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Developing physical and physiological employment standards: translation of job analysis findings to assessments and performance standards - a systematic review

Beck, Ben, Billing, Daniel C. and Carr, Amelia J. 2016, Developing physical and physiological employment standards: translation of job analysis findings to assessments and performance standards - a systematic review, International journal of industrial ergonomics, vol. 56, pp. 9-16, doi: 10.1016/j.ergon.2016.08.006.

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Title Developing physical and physiological employment standards: translation of job analysis findings to assessments and performance standards - a systematic review
Author(s) Beck, Ben
Billing, Daniel C.
Carr, Amelia J.
Journal name International journal of industrial ergonomics
Volume number 56
Start page 9
End page 16
Total pages 8
Publisher Elsevier
Place of publication Amsterdam, The Netherlands
Publication date 2016-11
ISSN 0169-8141
1872-8219
Keyword(s) physical employment standards
job analysis
physical aptitude tests
job-related fitness
occupational fitness
Summary Physical employment standards (PES) are developed with the aim of ensuring that an employee's physical and physiological capacities are commensurate with the demands of their occupation. While previous commentaries and narrative reviews have provided frameworks for the development of PES, this is the first systematic review of the methods used to translate job analysis findings to PES tests and performance standards for physically demanding occupations. A search of PubMed and Google Scholar was conducted for research articles published in English up to and including March 2015. Two authors independently reviewed and extracted data.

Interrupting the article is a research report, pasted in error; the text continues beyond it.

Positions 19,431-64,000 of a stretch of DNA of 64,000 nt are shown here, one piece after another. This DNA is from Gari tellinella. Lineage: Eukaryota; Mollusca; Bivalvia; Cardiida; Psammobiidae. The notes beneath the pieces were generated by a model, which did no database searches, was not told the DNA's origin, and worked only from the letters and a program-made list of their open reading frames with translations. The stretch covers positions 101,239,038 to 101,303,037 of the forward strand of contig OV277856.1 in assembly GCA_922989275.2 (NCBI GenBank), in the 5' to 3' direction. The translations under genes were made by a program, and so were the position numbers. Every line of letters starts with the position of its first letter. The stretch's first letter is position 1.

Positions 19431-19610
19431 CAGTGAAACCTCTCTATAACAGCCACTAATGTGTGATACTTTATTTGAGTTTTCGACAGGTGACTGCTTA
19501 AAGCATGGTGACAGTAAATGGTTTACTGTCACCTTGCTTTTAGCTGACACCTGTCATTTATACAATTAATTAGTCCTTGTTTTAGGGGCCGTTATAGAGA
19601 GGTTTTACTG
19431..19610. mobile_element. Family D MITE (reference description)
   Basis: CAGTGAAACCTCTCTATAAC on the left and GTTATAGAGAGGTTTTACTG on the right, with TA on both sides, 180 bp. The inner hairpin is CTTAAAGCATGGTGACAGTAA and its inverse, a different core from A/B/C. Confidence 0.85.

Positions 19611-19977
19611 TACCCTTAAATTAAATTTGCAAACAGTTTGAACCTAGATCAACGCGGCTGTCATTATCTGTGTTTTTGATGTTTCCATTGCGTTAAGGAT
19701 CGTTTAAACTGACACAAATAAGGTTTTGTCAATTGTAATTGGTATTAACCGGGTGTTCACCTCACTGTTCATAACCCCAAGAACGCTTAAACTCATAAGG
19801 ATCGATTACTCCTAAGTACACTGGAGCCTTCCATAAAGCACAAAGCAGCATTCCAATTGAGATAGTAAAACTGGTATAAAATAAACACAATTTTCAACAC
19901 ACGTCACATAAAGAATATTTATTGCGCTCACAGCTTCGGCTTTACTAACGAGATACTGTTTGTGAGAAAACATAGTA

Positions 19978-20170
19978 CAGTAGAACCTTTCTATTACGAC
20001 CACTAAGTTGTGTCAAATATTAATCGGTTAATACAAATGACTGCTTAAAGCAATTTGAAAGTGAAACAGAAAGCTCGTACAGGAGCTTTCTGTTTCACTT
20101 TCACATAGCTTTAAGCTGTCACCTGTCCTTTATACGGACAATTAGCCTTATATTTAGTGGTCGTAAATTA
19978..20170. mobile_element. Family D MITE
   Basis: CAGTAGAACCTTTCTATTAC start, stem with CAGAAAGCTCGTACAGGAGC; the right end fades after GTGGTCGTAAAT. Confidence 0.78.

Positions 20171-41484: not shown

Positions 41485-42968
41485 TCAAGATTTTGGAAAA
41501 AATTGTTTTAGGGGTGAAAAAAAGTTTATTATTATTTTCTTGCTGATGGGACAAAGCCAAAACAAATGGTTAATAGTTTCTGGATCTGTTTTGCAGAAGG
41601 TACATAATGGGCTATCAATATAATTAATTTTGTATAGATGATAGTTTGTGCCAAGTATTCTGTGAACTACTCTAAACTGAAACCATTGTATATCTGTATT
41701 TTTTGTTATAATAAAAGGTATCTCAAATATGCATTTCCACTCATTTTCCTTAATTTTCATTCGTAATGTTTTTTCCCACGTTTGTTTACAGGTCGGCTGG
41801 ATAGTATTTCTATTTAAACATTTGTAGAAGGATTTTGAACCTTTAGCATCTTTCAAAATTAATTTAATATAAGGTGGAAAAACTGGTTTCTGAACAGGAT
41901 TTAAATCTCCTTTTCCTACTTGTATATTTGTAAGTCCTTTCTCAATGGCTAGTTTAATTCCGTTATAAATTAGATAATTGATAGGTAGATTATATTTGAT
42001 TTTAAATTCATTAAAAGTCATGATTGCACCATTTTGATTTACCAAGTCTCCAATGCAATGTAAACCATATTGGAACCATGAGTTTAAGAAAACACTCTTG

The search yielded 87 potentially eligible papers, including 60 peer reviewed journal articles and 17 technical reports. 57 papers were excluded leading to a final data set of 31 papers, representing 22 studies. Job analysis was most commonly conducted through subjective determination of job tasks followed by objective quantification and validation. Determination of criterion tasks was evenly distributedthrough subjective and objective methods with criterion tasks being defined most commonly as most demanding, critical and/or frequent. Generic predictive and task-related predictive tests were more commonly observed in isolation or in combination when compared to task simulation tests. Performance standards were more commonly criterion-referenced than norm-referenced with a variety of statistical methods utilised. This review provides recommendations for researchers when developing physical employment standards for a variety of occupations.
Language eng
DOI 10.1016/j.ergon.2016.08.006
Field of Research 110699 Human Movement and Sports Science not elsewhere classified
1106 Human Movement And Sports Science
1117 Public Health And Health Services
Socio Economic Objective 970111 Expanding Knowledge in the Medical and Health Sciences
HERDC Research category C1.1 Refereed article in a scholarly journal
ERA Research output type C Journal article
Copyright notice ©2016, Elsevier
Persistent URL http://hdl.handle.net/10536/DRO/DU:30088329

Document type: Journal Article
Collection: School of Exercise and Nutrition Sciences
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